When we read about the Israelites worshiping the god Baal in 1 Kings 18, we tend to think of them developing a preference for wooden idol images. But the primary attraction to Baal wasn’t a pretty statue; it was an economic promise.
As disciples, we are called to grow and multiply; the good news is given to us like the talents were given to those servants in Jesus’s parable (Matt. 25:14–30). Consider: Every time you hear the Word of God preached in your local church you are given a coin, a talent, which God calls you to multiply according to your ability. We are responsible and accountable to God for what he has given us.
Lately when someone asks me how I’ve been, my automatic answer is “busy.” If you’re feeling that same way – at a breaking point and in need of a serious life change to kick the busy and find rest, here are two reasons we stay so busy and three easy ways to “un-busy” your life.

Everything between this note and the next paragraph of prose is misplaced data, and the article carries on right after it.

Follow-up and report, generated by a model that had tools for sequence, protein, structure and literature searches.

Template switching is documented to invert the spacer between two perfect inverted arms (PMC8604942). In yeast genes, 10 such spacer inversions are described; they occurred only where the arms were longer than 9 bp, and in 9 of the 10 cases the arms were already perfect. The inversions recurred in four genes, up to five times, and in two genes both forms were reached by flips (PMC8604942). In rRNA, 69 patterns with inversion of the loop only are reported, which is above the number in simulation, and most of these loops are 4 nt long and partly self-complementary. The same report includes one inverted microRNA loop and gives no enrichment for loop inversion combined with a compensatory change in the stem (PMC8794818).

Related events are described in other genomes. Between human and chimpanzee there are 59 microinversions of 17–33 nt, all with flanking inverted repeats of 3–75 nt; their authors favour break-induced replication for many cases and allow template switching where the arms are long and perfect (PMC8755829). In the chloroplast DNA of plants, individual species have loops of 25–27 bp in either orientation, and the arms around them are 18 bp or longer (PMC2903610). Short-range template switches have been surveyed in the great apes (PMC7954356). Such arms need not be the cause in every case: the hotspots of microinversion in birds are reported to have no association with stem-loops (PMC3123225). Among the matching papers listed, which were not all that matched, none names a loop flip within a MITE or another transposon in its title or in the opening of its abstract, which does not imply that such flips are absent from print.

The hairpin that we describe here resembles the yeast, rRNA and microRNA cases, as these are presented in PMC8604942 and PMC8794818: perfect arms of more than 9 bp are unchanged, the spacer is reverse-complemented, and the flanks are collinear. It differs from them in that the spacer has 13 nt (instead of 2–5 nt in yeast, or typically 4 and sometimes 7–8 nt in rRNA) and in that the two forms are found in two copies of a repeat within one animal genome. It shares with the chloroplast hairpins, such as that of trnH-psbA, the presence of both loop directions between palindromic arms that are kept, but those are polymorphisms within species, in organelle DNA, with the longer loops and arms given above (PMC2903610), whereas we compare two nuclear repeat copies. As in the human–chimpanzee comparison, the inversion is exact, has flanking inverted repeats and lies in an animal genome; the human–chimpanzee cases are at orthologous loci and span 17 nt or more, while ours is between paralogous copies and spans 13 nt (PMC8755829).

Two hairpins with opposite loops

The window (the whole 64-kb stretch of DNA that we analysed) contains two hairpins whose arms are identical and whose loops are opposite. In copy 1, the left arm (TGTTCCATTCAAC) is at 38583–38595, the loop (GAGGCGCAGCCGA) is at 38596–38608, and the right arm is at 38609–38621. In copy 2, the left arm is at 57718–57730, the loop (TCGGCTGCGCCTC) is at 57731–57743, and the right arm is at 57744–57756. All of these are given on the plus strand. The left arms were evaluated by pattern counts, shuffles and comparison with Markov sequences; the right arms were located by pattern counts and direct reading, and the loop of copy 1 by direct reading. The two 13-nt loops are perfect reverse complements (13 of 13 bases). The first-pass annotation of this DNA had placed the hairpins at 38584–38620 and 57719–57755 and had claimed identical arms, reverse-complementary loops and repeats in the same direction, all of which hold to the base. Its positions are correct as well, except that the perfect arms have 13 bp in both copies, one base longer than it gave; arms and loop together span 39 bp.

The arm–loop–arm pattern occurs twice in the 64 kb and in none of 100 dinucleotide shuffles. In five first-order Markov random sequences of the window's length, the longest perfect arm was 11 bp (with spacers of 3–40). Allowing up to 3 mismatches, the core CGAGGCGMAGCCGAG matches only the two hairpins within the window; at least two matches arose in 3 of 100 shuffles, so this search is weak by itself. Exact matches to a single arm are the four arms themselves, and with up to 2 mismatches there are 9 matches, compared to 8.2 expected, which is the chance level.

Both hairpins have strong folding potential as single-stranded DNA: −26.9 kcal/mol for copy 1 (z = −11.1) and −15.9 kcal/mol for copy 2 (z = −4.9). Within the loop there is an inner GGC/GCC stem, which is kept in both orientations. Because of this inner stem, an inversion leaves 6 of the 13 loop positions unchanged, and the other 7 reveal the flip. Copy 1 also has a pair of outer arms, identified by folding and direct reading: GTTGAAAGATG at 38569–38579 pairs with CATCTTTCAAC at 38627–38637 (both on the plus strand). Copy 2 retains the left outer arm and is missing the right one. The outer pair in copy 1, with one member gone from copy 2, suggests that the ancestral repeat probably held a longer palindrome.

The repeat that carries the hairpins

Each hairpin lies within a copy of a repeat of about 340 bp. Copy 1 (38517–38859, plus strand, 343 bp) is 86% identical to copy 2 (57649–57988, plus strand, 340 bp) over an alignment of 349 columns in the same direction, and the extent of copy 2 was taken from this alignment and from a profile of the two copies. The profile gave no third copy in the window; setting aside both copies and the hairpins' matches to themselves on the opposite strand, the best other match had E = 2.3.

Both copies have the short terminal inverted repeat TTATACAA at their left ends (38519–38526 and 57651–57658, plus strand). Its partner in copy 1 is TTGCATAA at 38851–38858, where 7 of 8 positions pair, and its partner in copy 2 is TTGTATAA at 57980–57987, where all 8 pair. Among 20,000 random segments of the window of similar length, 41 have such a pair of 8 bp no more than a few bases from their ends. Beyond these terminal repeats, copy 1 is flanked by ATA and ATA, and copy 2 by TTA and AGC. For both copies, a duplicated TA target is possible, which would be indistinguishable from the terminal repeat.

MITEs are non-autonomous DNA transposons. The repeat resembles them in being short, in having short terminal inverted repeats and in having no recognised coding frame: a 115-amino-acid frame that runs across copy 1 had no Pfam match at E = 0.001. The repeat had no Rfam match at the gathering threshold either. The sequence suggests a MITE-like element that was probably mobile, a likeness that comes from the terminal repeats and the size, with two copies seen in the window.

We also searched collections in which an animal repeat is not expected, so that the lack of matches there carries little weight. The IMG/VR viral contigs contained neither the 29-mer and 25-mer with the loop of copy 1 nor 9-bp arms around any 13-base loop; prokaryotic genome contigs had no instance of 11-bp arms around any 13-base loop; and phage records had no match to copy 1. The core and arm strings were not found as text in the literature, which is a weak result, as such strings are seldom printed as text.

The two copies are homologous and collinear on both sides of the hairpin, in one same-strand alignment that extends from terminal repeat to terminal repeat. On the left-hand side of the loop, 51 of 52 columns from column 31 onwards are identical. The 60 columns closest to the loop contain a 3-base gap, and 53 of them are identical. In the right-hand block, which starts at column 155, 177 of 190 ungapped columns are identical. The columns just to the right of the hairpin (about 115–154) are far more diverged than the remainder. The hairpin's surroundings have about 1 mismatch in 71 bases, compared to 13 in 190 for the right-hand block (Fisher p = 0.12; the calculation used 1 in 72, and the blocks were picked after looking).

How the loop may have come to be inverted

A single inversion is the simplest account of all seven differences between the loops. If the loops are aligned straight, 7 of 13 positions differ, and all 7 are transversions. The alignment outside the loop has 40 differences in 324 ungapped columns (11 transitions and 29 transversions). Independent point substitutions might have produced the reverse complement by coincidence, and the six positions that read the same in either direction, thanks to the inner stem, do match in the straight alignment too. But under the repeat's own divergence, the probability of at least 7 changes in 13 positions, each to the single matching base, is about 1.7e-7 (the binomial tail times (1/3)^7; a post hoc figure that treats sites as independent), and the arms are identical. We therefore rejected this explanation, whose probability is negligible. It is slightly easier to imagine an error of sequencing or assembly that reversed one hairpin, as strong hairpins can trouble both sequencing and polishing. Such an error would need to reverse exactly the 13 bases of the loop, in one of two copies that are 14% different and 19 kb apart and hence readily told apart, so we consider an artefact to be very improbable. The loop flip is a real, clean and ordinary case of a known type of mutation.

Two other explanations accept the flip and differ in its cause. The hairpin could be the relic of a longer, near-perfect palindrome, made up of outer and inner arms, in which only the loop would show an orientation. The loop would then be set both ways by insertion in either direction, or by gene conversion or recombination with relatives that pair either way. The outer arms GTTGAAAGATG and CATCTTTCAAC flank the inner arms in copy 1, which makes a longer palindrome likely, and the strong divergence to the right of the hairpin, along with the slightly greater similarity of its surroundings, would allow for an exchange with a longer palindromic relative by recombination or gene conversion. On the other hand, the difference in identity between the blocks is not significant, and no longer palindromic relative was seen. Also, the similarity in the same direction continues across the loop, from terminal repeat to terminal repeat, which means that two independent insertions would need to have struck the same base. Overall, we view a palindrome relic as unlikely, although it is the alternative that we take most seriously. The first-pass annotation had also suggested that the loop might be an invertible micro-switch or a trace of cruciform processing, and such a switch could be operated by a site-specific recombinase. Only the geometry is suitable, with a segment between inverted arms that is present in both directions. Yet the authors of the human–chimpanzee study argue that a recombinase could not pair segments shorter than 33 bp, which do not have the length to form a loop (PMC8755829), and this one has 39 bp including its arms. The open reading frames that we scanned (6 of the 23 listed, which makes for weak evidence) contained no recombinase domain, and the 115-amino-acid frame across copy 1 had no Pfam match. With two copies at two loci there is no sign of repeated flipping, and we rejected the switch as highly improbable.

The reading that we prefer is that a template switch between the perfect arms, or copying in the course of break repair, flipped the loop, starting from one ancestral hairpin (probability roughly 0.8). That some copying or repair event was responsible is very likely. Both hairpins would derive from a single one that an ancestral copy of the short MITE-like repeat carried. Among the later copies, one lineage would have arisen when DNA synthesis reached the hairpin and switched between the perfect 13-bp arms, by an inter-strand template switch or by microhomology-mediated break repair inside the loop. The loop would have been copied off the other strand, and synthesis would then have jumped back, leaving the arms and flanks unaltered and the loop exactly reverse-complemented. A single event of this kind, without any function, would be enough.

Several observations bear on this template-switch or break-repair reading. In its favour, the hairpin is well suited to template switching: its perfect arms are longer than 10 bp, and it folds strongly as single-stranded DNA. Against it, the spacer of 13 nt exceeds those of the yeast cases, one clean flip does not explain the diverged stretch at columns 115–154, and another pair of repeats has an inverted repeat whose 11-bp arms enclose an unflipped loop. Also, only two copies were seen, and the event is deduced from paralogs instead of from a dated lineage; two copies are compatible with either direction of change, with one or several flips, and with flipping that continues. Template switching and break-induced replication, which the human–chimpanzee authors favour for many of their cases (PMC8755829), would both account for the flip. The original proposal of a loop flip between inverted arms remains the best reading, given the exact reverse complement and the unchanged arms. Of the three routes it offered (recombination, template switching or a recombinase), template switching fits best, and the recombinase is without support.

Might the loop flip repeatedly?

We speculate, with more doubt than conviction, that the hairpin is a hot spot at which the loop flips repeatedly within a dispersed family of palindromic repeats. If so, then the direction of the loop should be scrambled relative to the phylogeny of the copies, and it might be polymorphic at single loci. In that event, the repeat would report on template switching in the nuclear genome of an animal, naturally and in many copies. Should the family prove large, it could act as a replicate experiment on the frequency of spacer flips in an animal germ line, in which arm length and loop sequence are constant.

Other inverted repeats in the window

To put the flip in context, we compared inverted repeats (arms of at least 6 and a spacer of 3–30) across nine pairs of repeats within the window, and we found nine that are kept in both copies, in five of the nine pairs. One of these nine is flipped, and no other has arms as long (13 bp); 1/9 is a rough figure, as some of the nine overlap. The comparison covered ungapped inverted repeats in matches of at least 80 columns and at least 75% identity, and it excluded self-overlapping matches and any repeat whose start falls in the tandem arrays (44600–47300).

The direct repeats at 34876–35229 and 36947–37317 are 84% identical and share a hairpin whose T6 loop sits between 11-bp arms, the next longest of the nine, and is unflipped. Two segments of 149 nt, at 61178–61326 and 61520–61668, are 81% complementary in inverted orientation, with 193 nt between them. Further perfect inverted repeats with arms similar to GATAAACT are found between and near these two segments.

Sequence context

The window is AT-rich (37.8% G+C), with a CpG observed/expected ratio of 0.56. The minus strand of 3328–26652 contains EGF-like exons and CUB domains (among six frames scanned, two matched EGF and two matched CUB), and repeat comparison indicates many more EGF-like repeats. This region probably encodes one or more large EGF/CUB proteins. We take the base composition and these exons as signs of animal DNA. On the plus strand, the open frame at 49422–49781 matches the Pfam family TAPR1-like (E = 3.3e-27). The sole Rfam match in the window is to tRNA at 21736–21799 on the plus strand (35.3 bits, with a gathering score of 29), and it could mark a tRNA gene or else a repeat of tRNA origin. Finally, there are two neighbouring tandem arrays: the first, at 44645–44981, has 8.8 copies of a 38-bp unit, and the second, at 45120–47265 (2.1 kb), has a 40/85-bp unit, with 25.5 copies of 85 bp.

Conformity carries a negative connotation. But strangely, in a society that shouts individualism and independence, it’s crowned king. When we live Christ-led lives, we stand out. The transformation Paul wrote about to the Romans begins in our minds and hearts, driving all we do and trickling down into every aspect of our lives. How do we make sure our bottom line in business is spiritually healthy?
For a long time, I didn’t think that issues of race had anything to do with me. Instead, loving God and loving others meant believing in a colorblind rhetoric; if I couldn’t see a person’s skin color, I couldn’t therefore judge a person’s skin color, then I could somehow magically see straight to inside of their heart. If you want to engage in the conversation, here are eight concrete actions people of faith can take to address racial injustice.